This book offers us a critical narrative of Robert Morrison’s work in China and presents us with a different perspective on what Robert Morrison and William Milne did there. Daily credits David Bogue and his training academy at Gosport with the strategy Morrison implemented. Not wanting to take anything away from Morrison and his many accomplishments, Daily simply wishes to give long overdue credit to Bogue as the one who trained both Morrison and Milne.
Daily insists that we cannot understand Morrison without recognizing the influence of his missions education and seeing him through that lens. Morrison attended the Gosport Training Academy, founded by David Bogue, who belonged to the LMS. There, Bogue taught his students a three-pronged approach to missions: learn the language, translate the Scriptures, and establish a seminary, in that order. Morrison successfully implemented all three of these instructions during his time in China. Since Christopher Hancock’s superb biography has given such a detailed account of Morrison’s life and work, this review will focus on the main point of Daily’s volume: Morrison and Milne followed the instructions they were given by Bogue.
Daily opens the book by giving us an introduction to the background of the birth of British evangelicalism and the disappointment of the earliest attempts of the London Missionary Society (LMS). He describes the theory behind the failed South Seas Mission, which sent missionaries to Tahiti, Tonga, and the Marquesas Islands. These first missionaries were sent on the basis of an idea termed the “godly mechanic” strategy, which suggested that missionaries need only possess piety and zeal to be successful, and that further, specialized education was unnecessary. After the failure of these early missionaries, however, the LMS turned to David Bogue for a new mission strategy.
Bogue’s approach to missions included three years of systemized theological education at Gosport Academy. Having been influenced by the philosophical school of Scottish Realism founded by Thomas Reid, Bogue believed in the concept of common sense. This theory held that all humans possessed common sense (or the ability to identify reality and truth), and that if people were just given access to texts containing knowledge (specifically, Scripture), they would recognize the truths contained in them. As a consequence, Bogue thought that translating the Scriptures and giving people the tools to read those Scriptures was of the utmost importance. Once people had access to the Gospel and the ability to read it, Christianity would begin to grow in foreign countries. He taught his students that “The publication of books…spreads divine truth more extensively. Books may be carried far and wide where missionaries can not go.” (153)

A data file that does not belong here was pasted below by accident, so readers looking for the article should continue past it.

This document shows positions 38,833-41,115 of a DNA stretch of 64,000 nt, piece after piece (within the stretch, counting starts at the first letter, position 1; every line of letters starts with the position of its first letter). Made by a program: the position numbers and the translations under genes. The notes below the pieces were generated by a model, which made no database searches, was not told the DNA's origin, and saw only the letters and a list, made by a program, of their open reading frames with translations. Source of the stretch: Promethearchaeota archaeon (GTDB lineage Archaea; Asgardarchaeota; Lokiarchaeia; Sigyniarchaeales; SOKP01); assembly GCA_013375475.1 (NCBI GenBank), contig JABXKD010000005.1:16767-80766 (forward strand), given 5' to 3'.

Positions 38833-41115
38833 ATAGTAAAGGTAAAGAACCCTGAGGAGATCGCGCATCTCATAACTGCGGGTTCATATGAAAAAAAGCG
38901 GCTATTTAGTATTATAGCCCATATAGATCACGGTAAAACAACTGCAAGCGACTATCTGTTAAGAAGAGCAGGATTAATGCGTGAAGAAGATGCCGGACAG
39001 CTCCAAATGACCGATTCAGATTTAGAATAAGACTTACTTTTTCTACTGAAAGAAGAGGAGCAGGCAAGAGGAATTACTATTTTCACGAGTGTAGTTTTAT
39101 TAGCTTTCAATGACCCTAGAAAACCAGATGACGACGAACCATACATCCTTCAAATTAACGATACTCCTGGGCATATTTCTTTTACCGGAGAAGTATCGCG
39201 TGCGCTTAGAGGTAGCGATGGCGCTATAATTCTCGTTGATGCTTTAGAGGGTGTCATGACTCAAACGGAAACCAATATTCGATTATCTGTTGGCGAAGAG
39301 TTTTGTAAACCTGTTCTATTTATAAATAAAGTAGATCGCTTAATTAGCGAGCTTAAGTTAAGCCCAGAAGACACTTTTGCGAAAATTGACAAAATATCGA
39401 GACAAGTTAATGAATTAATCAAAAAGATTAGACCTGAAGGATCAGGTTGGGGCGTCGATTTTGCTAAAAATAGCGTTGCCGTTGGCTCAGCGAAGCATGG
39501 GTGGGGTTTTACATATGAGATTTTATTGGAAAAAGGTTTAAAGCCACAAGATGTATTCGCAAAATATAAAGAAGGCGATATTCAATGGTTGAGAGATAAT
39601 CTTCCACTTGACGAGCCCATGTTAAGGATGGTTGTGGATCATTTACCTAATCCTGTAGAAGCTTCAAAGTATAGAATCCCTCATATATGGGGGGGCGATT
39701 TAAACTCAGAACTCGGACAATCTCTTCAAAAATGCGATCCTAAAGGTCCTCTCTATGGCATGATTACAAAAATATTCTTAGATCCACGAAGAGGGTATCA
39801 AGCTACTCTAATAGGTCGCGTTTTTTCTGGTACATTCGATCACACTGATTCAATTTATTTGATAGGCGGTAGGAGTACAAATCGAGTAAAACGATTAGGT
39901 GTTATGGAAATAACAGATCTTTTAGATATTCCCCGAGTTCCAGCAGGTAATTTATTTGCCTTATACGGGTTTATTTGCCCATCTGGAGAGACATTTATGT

Bogue imparted special missionary instructions to his students at Gosport, emphasizing the importance of conversation and preaching in exposing people to the Gospel. In addition to theology, Bogue instructed his students in a wide range of scientific and humanistic disciplines. He expected his pupils to reproduce his program for the natives once they built evangelical schools in their mission fields. His students received lessons they could teach abroad as well as copies of his lecture notes that they could distribute to their own students. Bogue believed that by establishing a local evangelical school, the missionaries could be successful in maintaining evangelicalism in the country of their assignment.
Morrison attended Bogue’s Gosport Academy for a period of fourteen months before he was appointed to China to acquire the language and translate the Scriptures. He received preliminary tutoring in Chinese from a man named Saam Tak in London. He continued studying the language on board the ship that carried him to Canton (Guangzhou). Upon arriving in China, Morrison found it difficult to find anyone willing to tutor him in Chinese, since the Chinese government had forbidden their people from teaching the language to any foreigners. He asked George Staunton, an official of the East India Company, for assistance, and Staunton helped Morrison connect with a Chinese convert to Roman Catholicism, who became Morrison’s language instructor. With the aid of this tutor, along with another Chinese Christian teacher, Morrison gradually acquired fluency in Chinese.
Towards the end of 1809, Morrison accepted the position of “The Office of Chinese Translator to the English Factory at Canton” with the East India Company. He struggled with his decision to work for the politically aggressive East India Company, but he needed the salary, and the job secured his legal residence in Canton. Although Bogue had advised his students to avoid the political arena, he had also given them the option of accepting employment if it worked towards the benefit of the mission. Morrison decided that the positives of accepting the position outweighed the negatives, as his duties would improve his language skills and the salary would benefit his mission. Throughout the rest of his time in China, however, Morrison struggled with the reality that his work robbed him of time he could otherwise spend translating Scriptures. Although he thought his decision was for the best, it was not without much reluctance that he accepted this position.